Registration Dossier

Environmental fate & pathways

Endpoint summary

Administrative data

Description of key information

Additional information

Two biodegradation tests are available: a 28-day ready biodegradability study and a simulation study. The first study is considered to be the key study for the risk characterisation because in the simulation study a distinction between primary and ultimate degradation was difficult.

The first study was performed to assess the ready biodegradability of Salicynalva. The study was conducted in accordance with the OECD Guideline for Testing of Chemicals No. 301D "Ready Biodegradability: Closed Bottle Test". Sealed bottles containing the test substance (adsorbed onto glass filter paper) and inorganic nutrient medium were inoculated with activated sewage sludge bacteria and incubated for up to 28 days at 20 ± 1 °C. On Days 0, 4, 7, 11, 14, 18, 21, 25 and 28 duplicate bottles were taken and dissolved oxygen measurements were performed electrochemically. Percentage biodegradation values were determined by comparing the extent of oxygen depletion with the Theoretical Oxygen Demand (2.77 mg 02/mg). Additional bottles, containing both the test substance and a readily biodegradable standard substance were prepared in order to provide additional information on the inhibitory effect of the test substance. Salicynalva attained no biodegradation after 28 days and may not be termed as readily biodegradable. Salicynalva was not found to be inhibitory to activated sewage sludge bacteria under the conditions of this test.

In a second test the biodegradation and/or removal of Salicynalva within sewage treatment processes was investigated using the OECD Test Guideline 303A with appropriate modifications to ensure compliance with EPA "Public Draft" Guideline OPPTS 835.3220. The activated sludge is retained in a porous polythene cylinder into which the test substance is dosed together with a mixture of domestic and synthetic sewage.Treated effluent percolates through the porous liner (pore size 50-70 um) and overflows to a collection vessel. The use of a porous reactor wall eliminates the need for a sludge settlement chamber. The methods of analysis used to determine biodegradability and removal of the test substance were Dissolved Non-Purgeable Organic Carbon (DNPOC) analysis and specific test substance analysis using gas chromatography. The test substance attained a level of primary biodegradation/removal in this study of 88% and 89%, as shown by the parent compound analytical data. The level of ultimate biodegradation/removal achieved, provided by an assessment of the level of dissolved organic carbon removed, was 87%. Whilst this figure was shown to be statistically different to the levels of DOC removal observed in the control and reference substance pots, the statistical analyses also showed significant differences between duplicate control and reference substance pots.Therefore including the small data-set, undue emphasis should not be placed on the statistical results obtained. The overall difference, in terms of percentage carbon removal, between the test pots and the control and reference substance pots, during the definitive period, was only 3%. A final reasoning considering primary degradation and ultimate degradation is therefore not possible. In view of the similar removal between the reference substance, sodium benzoate, and the test substance it can be expected that a significant level of ultimate biodegradation/removal was obtained but no final conclusion on ultimate biodegradation can be made based on this study.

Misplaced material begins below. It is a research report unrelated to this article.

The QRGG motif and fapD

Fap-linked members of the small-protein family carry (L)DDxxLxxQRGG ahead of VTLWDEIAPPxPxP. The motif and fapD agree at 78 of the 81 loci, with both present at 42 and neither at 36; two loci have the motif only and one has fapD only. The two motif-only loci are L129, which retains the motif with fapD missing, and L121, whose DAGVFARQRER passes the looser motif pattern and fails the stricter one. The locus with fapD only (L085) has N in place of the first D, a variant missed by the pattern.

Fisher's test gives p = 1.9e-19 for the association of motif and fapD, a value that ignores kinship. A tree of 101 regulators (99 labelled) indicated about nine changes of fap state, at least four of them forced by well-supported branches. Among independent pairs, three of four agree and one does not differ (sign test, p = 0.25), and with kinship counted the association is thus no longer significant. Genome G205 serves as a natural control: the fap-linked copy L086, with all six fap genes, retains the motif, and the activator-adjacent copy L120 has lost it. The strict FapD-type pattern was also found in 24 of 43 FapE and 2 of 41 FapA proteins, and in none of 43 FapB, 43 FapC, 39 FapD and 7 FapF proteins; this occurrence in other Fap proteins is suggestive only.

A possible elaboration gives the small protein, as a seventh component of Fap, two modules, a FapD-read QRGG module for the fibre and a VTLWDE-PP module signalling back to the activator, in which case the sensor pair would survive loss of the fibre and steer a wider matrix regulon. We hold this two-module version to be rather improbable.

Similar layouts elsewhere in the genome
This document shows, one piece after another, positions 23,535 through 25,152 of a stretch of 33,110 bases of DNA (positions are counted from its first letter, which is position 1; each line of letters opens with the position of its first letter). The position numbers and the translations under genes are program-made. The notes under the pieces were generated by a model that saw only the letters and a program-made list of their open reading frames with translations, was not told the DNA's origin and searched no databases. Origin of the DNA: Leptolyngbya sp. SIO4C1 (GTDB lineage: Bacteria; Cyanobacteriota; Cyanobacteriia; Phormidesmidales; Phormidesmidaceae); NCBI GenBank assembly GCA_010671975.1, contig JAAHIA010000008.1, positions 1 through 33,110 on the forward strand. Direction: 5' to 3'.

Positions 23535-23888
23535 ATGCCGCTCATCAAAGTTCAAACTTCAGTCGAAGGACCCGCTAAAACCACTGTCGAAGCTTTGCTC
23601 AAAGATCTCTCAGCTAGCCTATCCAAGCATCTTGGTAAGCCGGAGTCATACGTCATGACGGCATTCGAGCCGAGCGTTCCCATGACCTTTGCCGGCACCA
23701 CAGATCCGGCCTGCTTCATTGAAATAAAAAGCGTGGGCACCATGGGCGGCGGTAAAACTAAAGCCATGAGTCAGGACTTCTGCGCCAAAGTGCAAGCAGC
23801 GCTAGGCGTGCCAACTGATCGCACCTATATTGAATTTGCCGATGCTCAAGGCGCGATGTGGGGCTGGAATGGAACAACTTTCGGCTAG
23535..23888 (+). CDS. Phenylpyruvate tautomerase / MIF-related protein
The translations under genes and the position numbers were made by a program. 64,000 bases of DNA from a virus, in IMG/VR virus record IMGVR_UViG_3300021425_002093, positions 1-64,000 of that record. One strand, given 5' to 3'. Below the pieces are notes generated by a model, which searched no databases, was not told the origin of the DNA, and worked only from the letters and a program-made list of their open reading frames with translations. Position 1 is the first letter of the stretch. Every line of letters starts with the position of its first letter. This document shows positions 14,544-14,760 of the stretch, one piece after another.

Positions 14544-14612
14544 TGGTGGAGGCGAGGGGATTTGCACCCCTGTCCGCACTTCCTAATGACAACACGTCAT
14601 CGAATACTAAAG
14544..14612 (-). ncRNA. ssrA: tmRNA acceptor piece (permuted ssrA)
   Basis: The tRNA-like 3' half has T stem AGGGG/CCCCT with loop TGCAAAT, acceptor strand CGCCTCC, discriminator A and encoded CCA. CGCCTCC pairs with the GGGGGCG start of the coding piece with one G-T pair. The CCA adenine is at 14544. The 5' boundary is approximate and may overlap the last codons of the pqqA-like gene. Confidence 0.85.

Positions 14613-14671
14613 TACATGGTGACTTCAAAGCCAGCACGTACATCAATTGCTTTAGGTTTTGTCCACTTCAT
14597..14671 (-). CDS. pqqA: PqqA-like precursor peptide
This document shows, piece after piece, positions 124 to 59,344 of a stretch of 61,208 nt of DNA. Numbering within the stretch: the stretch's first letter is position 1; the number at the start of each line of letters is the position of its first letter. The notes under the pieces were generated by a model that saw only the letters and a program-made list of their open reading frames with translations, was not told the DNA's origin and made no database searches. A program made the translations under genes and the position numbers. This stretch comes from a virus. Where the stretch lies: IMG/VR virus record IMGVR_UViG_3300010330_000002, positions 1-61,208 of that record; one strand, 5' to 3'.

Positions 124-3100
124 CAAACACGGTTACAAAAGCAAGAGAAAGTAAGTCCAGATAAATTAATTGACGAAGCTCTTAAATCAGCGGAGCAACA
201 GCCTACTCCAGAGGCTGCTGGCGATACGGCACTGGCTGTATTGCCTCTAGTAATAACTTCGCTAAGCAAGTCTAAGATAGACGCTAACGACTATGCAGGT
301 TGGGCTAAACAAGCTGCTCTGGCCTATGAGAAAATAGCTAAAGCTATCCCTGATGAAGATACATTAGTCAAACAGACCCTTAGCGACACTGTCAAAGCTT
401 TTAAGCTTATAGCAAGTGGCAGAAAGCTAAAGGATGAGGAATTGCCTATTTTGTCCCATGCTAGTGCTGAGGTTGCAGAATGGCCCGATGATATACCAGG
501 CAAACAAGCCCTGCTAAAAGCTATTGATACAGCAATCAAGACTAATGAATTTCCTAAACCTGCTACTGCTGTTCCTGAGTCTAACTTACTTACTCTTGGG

For the risk characterisation the results of the first test will be used because the non-ready biodegradability of Salicynalva is based on its mineralisation, while in the simulation test it is difficult to distinguish between primary degradation and ultimate degradation.